- irregularly irregular breathing
- inconstantly varying rhythm and rate
- may be hyperventilation
- may be apneustic breaths (hold after inspiration)

26

respiration in damage to medulla

- depression and ultimately apnea

27

pupils in isolated damage or diffuse damage to cerebral cortex

no change

28

pupils in damage to diencephalon and why?

- constricted pupils because damage to thalamic pathways that carry sympathetic dilators
- still reactive to light

29

pupils in damage to caudal diencephalon/upper mesencephalon

- constricted
- pupils sluggish in reacting to light

30

pupils in mesencephalon damage

- CNIII damage (loss of parasympathetics)
- pupils widely dilated (7-9mm)
- no reaction to light

31

pupils in damage to caudal levels of midbrain

- CNIII damage as in mesencephalon
- added damage to sympathetics
- pupils midsized (4-7mm)
- no reaction to light

32

pupils in damage to pons/medulla

- same as midbrain
- midsize and fixed

33

pupils in isolated pons or isolated medulla damage with maintained integrity of midbrain

- only loss of sympathetics
- very constricted pupils (1mm or less)

34

pupils in suppression of brainstem by drugs

- loss of light reflex

35

what happens in auditory ice water test if reticular formation is functional but there is diffuse cerebral damage?

- eyes go toward ice water side and stay there for minutes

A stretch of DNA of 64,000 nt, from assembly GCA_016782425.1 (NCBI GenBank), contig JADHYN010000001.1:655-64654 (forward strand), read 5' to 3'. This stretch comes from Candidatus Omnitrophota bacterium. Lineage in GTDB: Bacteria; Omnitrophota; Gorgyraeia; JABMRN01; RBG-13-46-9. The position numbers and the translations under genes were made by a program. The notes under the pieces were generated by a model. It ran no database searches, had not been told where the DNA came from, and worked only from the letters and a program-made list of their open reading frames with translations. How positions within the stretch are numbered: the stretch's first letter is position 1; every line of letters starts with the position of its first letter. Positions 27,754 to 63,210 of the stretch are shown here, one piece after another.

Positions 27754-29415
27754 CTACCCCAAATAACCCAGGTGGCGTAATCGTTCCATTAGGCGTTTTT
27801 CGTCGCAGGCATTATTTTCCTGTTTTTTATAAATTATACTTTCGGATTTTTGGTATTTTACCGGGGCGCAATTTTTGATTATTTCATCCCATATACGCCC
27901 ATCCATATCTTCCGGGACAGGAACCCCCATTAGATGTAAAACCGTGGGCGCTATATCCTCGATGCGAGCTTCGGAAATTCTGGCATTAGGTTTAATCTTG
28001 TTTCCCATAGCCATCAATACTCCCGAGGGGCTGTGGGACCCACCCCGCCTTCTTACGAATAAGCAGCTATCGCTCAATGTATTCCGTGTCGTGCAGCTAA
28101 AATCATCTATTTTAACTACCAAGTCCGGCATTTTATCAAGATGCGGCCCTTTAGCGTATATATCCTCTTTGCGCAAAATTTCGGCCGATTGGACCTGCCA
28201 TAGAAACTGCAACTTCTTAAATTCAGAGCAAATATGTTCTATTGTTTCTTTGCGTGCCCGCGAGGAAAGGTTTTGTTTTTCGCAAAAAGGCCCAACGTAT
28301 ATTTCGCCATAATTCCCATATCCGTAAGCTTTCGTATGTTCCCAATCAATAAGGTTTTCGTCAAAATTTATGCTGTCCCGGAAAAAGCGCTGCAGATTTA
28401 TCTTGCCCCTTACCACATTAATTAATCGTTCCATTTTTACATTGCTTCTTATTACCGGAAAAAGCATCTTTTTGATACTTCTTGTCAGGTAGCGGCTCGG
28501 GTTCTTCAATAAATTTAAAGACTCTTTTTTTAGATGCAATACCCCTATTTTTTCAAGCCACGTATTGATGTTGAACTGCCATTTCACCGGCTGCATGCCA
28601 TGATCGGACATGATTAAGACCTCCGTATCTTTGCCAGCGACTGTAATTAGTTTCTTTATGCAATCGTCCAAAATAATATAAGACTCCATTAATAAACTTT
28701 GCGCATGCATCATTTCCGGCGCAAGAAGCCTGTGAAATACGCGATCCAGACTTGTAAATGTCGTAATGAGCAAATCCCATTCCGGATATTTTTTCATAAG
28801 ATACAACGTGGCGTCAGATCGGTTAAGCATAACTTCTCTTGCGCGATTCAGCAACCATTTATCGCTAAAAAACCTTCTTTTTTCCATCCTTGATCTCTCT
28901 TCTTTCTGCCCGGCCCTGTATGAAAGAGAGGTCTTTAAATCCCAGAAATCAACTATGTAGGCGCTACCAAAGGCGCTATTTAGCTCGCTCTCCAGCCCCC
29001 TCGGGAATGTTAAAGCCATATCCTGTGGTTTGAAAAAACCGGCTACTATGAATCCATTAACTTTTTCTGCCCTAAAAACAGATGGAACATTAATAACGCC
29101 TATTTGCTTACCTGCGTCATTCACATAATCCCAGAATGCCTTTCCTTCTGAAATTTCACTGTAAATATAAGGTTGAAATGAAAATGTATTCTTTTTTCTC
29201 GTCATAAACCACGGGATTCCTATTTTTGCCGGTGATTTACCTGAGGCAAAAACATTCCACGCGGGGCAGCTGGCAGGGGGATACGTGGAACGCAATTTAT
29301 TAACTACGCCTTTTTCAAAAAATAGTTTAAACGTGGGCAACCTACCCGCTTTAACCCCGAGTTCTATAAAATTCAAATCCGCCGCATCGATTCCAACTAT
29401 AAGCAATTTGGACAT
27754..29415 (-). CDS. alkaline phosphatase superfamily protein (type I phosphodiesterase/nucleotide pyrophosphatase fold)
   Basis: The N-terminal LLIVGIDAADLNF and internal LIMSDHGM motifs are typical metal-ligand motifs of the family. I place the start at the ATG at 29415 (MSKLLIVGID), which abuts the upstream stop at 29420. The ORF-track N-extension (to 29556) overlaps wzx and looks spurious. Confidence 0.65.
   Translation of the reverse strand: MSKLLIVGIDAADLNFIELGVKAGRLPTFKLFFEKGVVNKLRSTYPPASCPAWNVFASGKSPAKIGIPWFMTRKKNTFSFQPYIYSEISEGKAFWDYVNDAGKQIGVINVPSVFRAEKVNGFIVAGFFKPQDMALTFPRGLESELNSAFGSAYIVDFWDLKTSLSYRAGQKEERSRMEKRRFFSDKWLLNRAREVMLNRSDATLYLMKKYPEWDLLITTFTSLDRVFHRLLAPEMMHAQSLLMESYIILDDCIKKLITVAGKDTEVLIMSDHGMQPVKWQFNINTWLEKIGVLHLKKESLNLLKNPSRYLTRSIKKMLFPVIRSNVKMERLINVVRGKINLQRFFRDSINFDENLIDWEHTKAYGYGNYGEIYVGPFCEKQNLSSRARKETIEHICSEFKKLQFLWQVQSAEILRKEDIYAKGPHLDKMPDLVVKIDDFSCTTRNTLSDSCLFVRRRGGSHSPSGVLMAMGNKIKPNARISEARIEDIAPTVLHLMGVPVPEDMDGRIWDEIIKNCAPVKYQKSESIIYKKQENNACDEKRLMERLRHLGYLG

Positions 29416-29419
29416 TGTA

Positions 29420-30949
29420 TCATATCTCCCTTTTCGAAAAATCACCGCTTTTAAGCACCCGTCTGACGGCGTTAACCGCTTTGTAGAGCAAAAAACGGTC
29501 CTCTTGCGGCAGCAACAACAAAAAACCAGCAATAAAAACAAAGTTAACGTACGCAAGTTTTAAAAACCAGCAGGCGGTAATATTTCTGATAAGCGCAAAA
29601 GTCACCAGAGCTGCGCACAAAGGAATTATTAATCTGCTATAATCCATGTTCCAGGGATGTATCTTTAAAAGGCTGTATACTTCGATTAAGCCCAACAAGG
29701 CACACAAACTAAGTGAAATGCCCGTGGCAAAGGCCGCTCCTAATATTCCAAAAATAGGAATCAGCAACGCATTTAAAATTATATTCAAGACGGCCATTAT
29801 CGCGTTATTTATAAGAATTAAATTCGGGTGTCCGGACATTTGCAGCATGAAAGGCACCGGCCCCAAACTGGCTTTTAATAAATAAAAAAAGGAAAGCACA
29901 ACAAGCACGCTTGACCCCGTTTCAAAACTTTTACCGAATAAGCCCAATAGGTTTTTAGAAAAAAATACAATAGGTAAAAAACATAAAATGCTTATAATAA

- no nystagmus

36

in terms of eye movement, diffuse damage to cerebral cortex results in loss of.....

- fast component of vestibulo-ocular reflex (nystagmus)
- degree of suppression is proportionate to degree of damage

37

eye movements in damage to midbrain

dysconjugate eye movements

38

tonic conjugate deviation of the eyes during caloric stimulation indicates that....

the brainstem/reticular activating system is still intact

39

eye movement in damage to brainstem through the pons

- no reaction at all to caloric stimulation
- no corneal reflex

40

how will a lightly stuporous patient react to noxious stimuli?

- localize it
- knock it away or grab it

41

how will a deep stupor patient react to noxious stimuli?

- withdrawal (stereotyped)

42

noxious stimulation reaction of a comatose patient with damage to diencephalon

decorticate posturing

43

elements of decorticate posturing

- flexion of arms, wrists, fingers
- extension of lower limps
- may be asymmetric at first, appearing first on side of greater damage

44

noxious stimulation reaction of a comatose patient with damage to mesencephalon or upper pons

decerebrate posturing

45

elements of decerebrate posturing

extension and internal rotation of arms and legs

46

what motor response is usually seen in pontine and medullary damage?

flaccid paralysis

47

last reflex that can still be detected as metabolic dysfunction progresses

light reflex

48

5 categories of metabolic dysfunction

1) oxygen
2) toxic
3) acid-base/ionic
4) postictal
5) traumatic

49

examples of toxic metabolic dysfunction

endogenous - liver, kidney failure
exogenous - drug overdose
CNS - meningitis, encephalitis

50

what is most commonly the cause of depressed consciousness in a demented patient?

- metabolic
- demented patient's remaining cortical function is much more sensitive to stressors such as renal dysfunction, infections, drugs...

51

two major causes of vegetative state

- hypoxic ischemia
- shear force from trauma

52

are those in vegetative state conscious? aware?

no and no

53

contrast minimally conscious state with vegetative state

- require same interventions
- MCS can respond to stimuli and stimulant medications
- MCS partial or intermittent evidence of awareness to self and environment